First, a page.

Gov. Tim Walz met with business leaders Friday to discuss further easing of COVID-19 restrictions and dangled the prospect of a "normal" Minnesota State Fair this summer if pandemic progress continues.
The governor commended Minnesotans for a vaccine uptake rate that "out-vaccinated the surge" of viral activity over the past month and kept hospitals from being overrun. While global concerns of COVID-19, especially the outbreak in India, could result in new viral variants presenting new threats, Walz said Minnesota is on pace for a promising summer.
"The touchstone place is [the] State Fair," Walz said. "Everything looks to me on the horizon, and where the vaccine is going and the way that the virus is responding, that that should be a pretty-close-to-normal event."
Walz's comments on Friday came as Minnesota reported 16 more COVID-19 deaths along with 1,877 infections. The state appears on the downside of a third wave of pandemic activity. The seven-day average positivity rate of COVID-19 testing rose from 3.5% on March 3 to 7.5% on April 8 but has since declined to 6.3%.
The daily figures raise Minnesota's totals to 7,144 COVID-19 deaths and 575,812 diagnosed infections in the pandemic.
Walz credited Minnesota's rapid vaccination progress for avoiding an exponential level of COVID-19 growth in the latest wave — especially given the broad spread of a more infectious B.1.1.7 variant that caused higher levels of pandemic activity in Michigan.
More than 2.5 million people in Minnesota have received some COVID-19 vaccine and nearly 1.9 million of them have completed the one- or two-dose series. About 57% of Minnesota's eligible population of people 16 and older have received vaccine, including nearly 87% of senior citizens, who are more vulnerable to severe COVID-19.
"They nearly spiked out [in Michigan] on hospital space," Walz said. "They had a pretty catastrophic situation. We probably had the same amount of virus circulating and B.1.1.7, but we were about 10 percentage points higher on vaccination, and that made the difference."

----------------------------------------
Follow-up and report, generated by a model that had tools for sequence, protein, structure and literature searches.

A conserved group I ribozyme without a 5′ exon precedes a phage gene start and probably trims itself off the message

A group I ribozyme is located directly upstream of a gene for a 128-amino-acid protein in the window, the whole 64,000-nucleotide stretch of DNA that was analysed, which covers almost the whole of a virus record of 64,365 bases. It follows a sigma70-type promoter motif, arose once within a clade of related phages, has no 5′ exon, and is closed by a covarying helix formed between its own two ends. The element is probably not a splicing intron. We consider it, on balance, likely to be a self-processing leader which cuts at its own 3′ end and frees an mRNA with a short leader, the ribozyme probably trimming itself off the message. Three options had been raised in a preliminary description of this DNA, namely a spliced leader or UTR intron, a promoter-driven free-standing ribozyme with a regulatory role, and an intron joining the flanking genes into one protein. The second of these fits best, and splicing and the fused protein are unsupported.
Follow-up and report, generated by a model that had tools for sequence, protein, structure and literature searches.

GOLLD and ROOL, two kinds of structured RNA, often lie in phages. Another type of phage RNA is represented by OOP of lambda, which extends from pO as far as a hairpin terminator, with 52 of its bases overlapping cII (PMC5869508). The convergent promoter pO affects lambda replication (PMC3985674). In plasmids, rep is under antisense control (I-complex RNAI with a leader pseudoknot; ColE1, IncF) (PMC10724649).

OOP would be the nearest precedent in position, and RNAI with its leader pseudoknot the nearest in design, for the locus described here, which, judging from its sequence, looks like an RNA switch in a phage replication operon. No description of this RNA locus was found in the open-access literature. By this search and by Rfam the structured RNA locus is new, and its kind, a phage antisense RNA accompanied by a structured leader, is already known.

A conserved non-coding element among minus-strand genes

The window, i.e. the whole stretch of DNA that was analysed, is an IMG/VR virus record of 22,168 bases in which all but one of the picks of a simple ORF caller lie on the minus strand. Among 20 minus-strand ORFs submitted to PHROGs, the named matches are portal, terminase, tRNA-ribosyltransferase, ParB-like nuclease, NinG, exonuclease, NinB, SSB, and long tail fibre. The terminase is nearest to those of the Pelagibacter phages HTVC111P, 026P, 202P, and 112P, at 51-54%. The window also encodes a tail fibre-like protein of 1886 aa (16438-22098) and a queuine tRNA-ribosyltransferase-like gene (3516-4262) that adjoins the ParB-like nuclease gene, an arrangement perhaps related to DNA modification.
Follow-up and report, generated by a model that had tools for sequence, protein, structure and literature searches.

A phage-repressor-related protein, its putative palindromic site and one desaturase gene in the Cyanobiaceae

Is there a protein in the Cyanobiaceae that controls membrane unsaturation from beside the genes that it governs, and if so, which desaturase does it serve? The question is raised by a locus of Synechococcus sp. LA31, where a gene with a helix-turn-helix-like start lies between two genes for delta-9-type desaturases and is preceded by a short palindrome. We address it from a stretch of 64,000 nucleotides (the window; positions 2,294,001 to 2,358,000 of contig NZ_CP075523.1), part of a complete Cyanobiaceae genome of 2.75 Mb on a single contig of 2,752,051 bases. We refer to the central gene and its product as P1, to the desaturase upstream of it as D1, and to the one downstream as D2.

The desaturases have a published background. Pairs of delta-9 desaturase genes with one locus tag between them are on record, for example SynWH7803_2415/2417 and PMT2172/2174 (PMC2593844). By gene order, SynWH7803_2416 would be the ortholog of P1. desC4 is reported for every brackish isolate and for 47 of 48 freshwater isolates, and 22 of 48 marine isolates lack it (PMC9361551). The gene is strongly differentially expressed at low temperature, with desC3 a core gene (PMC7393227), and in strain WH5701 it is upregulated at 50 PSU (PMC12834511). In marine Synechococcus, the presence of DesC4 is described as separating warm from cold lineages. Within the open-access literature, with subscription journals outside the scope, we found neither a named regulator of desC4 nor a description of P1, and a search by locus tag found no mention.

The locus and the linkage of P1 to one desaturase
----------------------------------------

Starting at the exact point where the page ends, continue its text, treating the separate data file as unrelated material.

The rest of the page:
Hospitalizations of COVID-19 cases in Minnesota increased from 210 on March 6 to 699 on April 14, but declined as of Thursday to 619.
Minnesota had the fifth-highest rate of new COVID-19 infections last week, according to the most recent White House COVID-19 state report. Walz said he hopes epidemiologists will study why Minnesota was unique for having such a high rate of B.1.1.7 — estimated to be causing more than 60% of the new infections in the state — and how a variant first identified in England gained a foothold here.
"Is it because of the hub of the airport?" he said. "What happened there?"
State health officials remain concerned about the spread of other concerning variants identified in Brazil and South Africa that have sent some younger Minnesotans into hospitals. Minnesota also reported its third pediatric COVID-19 death in the pandemic this week — identified via obituary information as 6-year-old Week Day, a first-grader in Marshall, Minn., who was born in Thailand and loved school and the color pink and singing and dancing.
State health officials do not yet know if a variant was involved in the case of Day, who died Sunday in a hospital in South Dakota, but officials are concerned because she was Minnesota's first pediatric death that didn't involve underlying health conditions or other complicating factors.
More than 1,000 SARS-CoV-2 infections have been identified in each of the past two weeks in pre-K-12 students — numbers that exceed the most severe waves of the pandemic last fall. While health officials are encouraging students age 16 and 17 to seek Pfizer vaccine — with the Moderna and Johnson & Johnson versions requiring a minimum age of 18 — officials also are hoping to use increased testing to identify and slow down any viral spread.
At least 118 private and public school districts have taken up Minnesota's offer last week of free COVID-19 test kits for students. Sixteen clubs representing six different sports have requested 837 test kits as well.
"As much as we feel like things are improving, there is still a lot of virus out there," state Health Commissioner Jan Malcolm said.
While businesses and entertainment venues have largely reopened, Walz is considering an announcement next week that would expand their capacity levels. Restaurants and bars remain capped at 75% of their fire code capacity, but also must maintain social distancing requirements to keep customer groups from presenting viral transmission risks to one another.
Outdoor seated venues such as Target Field are capped for now at roughly 25% capacity.
Walz also reported progress after in-person meetings with Senate Republicans who are eager for the governor to set aside emergency powers that he has used to make decisions such as an indoor mask mandate without legislative approval during the pandemic.
The governor said he doesn't want to cancel the emergency order altogether. That could shutter a federally supported vaccination site at the State Fairgrounds and cause the state to lose up to $40 million in federal supplemental assistance. But the leaders at least discussed the "off-ramp" conditions in the pandemic under which those powers could be set aside.
Jeremy Olson • 612-673-7744